Blood, sweat and tears have been spilled, but the word count has been reached and the grammar has been checked. The module one essay was turned in Monday morning and I’ve been trying to recover since. Have finally gotten to the tail end of whatever gunk I caught, just in time to start a new module. The lesson learned from this? I should never, ever become an ethicist. If it’s not practical and real world work, I’m out of my element. Needless to say, it’s not been an exciting week of traipsing the English countryside for me, though if the weather isn’t too miserable I may go check out Abbey Park this weekend. The Weather Channel is predicting only a 20% chance of rain Saturday, but trusting the weather forecast here that far in advance is lunacy.

Aaaaanyway… I was lame and did not go out for Bonfire Night. Instead I wrote on my essay and watched fireworks in the distance from my flat whilst hacking up a lung and going through obscene amounts of camomile tea. Actually, I watched fireworks go off for the next 3 nights after and got the most spectacular text from it:

I mean, I feel it'd be a reasonable excuse.
I mean, I feel it’d be a reasonable excuse.

For most of the week it was some variation on this grumbling, but somehow between the frantic bouts of inspirations and the frequent breaks for Buzzfeed articles a miracle happened and a paper appeared. From this point I’m just choosing to not think about it any more and start focusing on the next looming deadline – presentations.

Back home, it seems that my parents have gotten SNOW already, and tonight the weather is threatening -20 to -40 F with the Arctic chill sweeping through the North American continent. I will take drizzle any day over that, thank you very much. In fact, I’ve gotten to the point of walking outside without a jacket when the sky is grey because “it doesn’t smell like rain outside” and it’s accurate. I’m impressed with myself.

Oh! Speaking of dying, I got to visit a real-live NHS doctor’s office this week. Was actually just for the routine check up I booked before coming down with plague, but that’s life for you. Of course, this is only one clinic in one city, but I was really impressed with the service. At the front desk I signed in through a touch screen that told how many patients were ahead of me and then sat down in the waiting room. In the room was a scrolling marquee that would chime whenever a patient was to be seen with their name and the room they should go to on the screen. When it came to my name, I walked to the room and was greeted by a friendly nurse who took my vitals and asked what I needed to be seen for. She updated my prescription and even helped me out with it because there’s no direct version of it here in the UK. (Definitely check your medicines before studying abroad for this!)  It felt really weird just walking out of the building after without talking to the front desk about billing. It felt even weirder filling the prescription. It literally consisted of me handing over the paper, the pharmacist finding the pills and putting the data in the computer, then handing them to me. No insurance fuss, no dread over what the final bill was going to be. Granted, I didn’t have to pay for my medicine in this case, but not all medicine in the UK is free. It’s a complicated system, but it’s still much clearer and less dread-inducing than medicine in the US.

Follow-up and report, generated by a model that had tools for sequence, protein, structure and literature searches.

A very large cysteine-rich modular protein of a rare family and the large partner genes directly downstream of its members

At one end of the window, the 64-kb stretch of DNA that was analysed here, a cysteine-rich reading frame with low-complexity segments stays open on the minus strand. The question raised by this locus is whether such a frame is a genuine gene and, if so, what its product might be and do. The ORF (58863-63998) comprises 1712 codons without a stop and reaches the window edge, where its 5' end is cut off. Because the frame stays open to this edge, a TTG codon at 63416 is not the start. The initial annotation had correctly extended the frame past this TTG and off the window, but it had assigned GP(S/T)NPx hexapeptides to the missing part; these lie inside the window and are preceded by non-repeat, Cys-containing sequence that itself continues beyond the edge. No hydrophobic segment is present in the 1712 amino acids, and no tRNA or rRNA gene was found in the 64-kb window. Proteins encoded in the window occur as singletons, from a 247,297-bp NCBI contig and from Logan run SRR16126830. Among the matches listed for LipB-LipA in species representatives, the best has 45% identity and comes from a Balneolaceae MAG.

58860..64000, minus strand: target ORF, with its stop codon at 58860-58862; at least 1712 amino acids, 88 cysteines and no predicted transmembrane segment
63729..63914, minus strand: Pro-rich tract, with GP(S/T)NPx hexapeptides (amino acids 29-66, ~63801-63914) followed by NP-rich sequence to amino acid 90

Otherwise I’ve been more resident than tourist, so I tried to get a few photos of just everyday things around town that stood out in one way or another. Some of the things that get me the most are the food products. Sometimes the food is exactly the same as in the US, sometimes it’s arbitrarily renamed, and sometimes you’ll find something completely unique. I’ve learned to not go into the shops for groceries with any preconceptions.

I’ve also been really missing my fuzzball kitty and I’ve been told he misses me, though it seems Mom and Dad have been excellent cat keepers thus far as he’s snoozing behind their heads on the couch in the evenings. It made me sadder to see this poster on a street coming home, but it gave me some faith in humanity to see what people had added.

Lost Cat Poster

My kitty, safe with the parentals, looking surly as usual.
My kitty, safe with the parentals, looking surly as usual.

And to end this fascinating blog update, there was this weirdness I ran into today walking to the Fees Office on campus and laughed harder at than I probably should have. There were no gardeners in sight and though overcast it wasn’t raining. However, it looked like someone just kinda thought, “Meh, this is good enough for now,” and just walked away from it. Maybe it’s just the adjustment of living with what feels like a ‘meh’ mentality here from most people, but I found it hilarious. I dunno.

"Meh, this is good enough for now."

I guess if I’m laughing at a lone lawnmower it’s probably time for me to get some sleep. Hope all is well where you are, and I hope to write again this weekend!

— Kate